Namibia Dairies


Namibia Dairies (ND) is a dairy processor. It manufactures a wide range of dairy products for the local market and export. ND is part of the Ohlthaver & List (O&L) Group. O&L is a diversified manufacturing and services group and one of the largest private employers in Namibia. ND gets its supply of fresh milk from its own Superfarm in Mariental, which represented a significant investment. In addition it sources from 16 local dairy farmers and imports fresh milk from South Africa. The dairy sector currently faces a serious trade dispute over long-life milk with South African giants that import milk from South America and dump it in the Namibian market. After an eight-year infant industry protection measure expired, the industry faces demise because of the deemed unfair competition.

Barriers Encountered

A main barrier to business relates to VAT claims. ND has some claims that have been outstanding since 2006. “Getting our money back is a hassle, the process is simply unacceptable.”

Access to finance is hard. Banks are conservative and post-crisis finance is extremely hard to come by, banks only look at the bottom-line. “It has resulted in a situation where we are asset rich and cash poor”. The company has to cut costs to remain competitive.

ND is shocked by the quality of graduates from Namibian tertiary institutions. The firm needs engineers and these are hard to find. There is a skills-imbalance, which reflects the broader issue of a non-existing industrial policy. It is very hard to source people from the rest of the SADC region because of work permit issues. It becomes even harder to source specialized engineers from large dairy producing countries (in Europe). “I have 742 people, all Namibian. If I want a foreigner, I have to wait 6 months before it is even discussed. Namibia should just introduce a quota system for companies.”

Trade barriers are the most important issue for this respondent, brought to the fore of a looming milk war. ND believes Namibia is too open in certain regards, and complies with SADC FTA principles where other countries do not, leading to a deteriorating competition position. The country has no defined industrial development position for instance against South Africa that can rely on economies of scale. The protection offered to dairy industries in Angola and Zambia made it difficult to compete. ND complained that Angola has not implemented the bilateral FTA with Namibia. ND calls for punitive tariffs regarding the SA dumping of UHT milk.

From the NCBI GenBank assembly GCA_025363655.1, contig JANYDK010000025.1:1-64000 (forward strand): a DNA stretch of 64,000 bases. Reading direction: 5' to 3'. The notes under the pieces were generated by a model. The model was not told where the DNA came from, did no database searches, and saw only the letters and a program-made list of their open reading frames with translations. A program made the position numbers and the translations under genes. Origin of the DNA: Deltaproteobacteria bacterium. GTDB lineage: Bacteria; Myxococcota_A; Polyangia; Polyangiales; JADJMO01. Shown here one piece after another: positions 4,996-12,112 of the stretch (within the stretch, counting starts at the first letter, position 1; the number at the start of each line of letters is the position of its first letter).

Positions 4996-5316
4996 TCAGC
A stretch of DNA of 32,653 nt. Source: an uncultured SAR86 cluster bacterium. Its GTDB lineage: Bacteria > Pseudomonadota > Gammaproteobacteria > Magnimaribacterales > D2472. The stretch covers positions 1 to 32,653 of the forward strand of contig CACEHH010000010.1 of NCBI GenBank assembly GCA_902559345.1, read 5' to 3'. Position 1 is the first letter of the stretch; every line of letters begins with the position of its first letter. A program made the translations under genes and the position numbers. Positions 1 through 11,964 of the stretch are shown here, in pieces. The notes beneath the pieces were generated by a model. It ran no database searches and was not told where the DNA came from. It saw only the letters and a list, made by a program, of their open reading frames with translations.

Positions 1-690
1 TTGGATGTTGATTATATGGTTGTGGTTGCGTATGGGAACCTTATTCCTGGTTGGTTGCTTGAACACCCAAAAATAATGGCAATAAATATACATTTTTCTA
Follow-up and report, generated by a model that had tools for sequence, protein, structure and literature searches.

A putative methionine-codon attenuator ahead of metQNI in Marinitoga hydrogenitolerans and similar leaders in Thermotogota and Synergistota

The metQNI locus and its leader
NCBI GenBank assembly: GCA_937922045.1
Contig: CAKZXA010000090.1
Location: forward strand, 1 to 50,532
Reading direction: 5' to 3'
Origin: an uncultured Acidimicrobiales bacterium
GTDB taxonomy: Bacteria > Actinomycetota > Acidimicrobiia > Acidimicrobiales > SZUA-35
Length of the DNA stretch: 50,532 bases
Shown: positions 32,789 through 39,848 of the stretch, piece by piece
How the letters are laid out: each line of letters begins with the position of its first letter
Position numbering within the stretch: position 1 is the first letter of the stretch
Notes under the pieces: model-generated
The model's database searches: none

ND noted that it is a problem to get money out of Angola. Arbitrary forex regulations mean the company has to wait months for its money. Agents/distributors do not pay their bills.

Barrier Encountered

It takes 1-2 weeks for a truck to enter Angola, for fresh produce that is a problem. The company pays a lot of money to have pre-inspections (on volume, batch, shelf life and sell by date) in Windhoek in order to clear the border faster (2 days). In contrast to the situation in Angola, Namibia has no additional inspection requirements. Between Namibia and South Africa there are no matching procedures which opens up the way for fraud.

The playing field in Namibia is not level for all firms due to corruption. Corruption can be frustrating even for those who do not play the game as those who do pay bribes can move faster.

Certification and packaging in foreign languages is a major issue for ND. Botswana has a special labelling situation. There is a meticulous standards certification, which means every batch has to be certified (microbiological analysis) at plant and quarantined in the meantime, leading to shelf life issues. Inspection takes 4 weeks, while shelf life is 7 weeks. This virtually makes doing business with Botswana not worthwhile.

Impact of Barriers

The current situation reduces growth potentials and hinders product development in the dairy sector. Forex and regulatory restrictions and uncertainty mean loss of markets, i.e. in Angola. ND no longer has ground staff in Angola.

The dumping situation with South Africa is serious and threatens the future of the entire industry in Namibia.

Firm Response to Barriers, Including Interaction with Policymakers

ND has invested in R&D on flexible shelf life per batch to address the Botswana situation.

To deal with the challenges of trading with Angola, ND has spent lots of money on pre-inspections by private companies.

With regards to the “milk war” with South Africa, ND is engaging government on getting punitive tariffs to protect the local market. The company is considering going to WTO and ITAC to raise a dumping claim.

The reality faced by ND is that to remove non-tariff barriers requires a long and expensive lobbying effort.

There has been little progress as a result of the lobbying and engagement undertaken by ND. There has been a slight relief in the situation with Angola regarding customs procedures through the use of private firms to undertake pre-shipment inspections.

ND regularly engages the Namibian government and raises issues through the Dairy Producers Organisation. But there is a disconnect, a mistrust, between the government and private sector that does not reflect common objectives.

Additional Comments and Suggestions

ND believes that the following suggestions would improve the business environment in SADC:

  1. Joined border posts or rather standardized and harmonized procedures and matching of import and export documents between the countries.
  2. Access to a good mix of road and rail transport infrastructure.
  3. Development of a strong industrial policy.
  4. Removal of non-tariff barriers and harmonized standards.
  5. Strong regional institutions are required for effective integration.
24 Jul 2012


Energy & Petroleum


Angola, Botswana, Lesotho, Namibia, South Africa, Swaziland, Zambia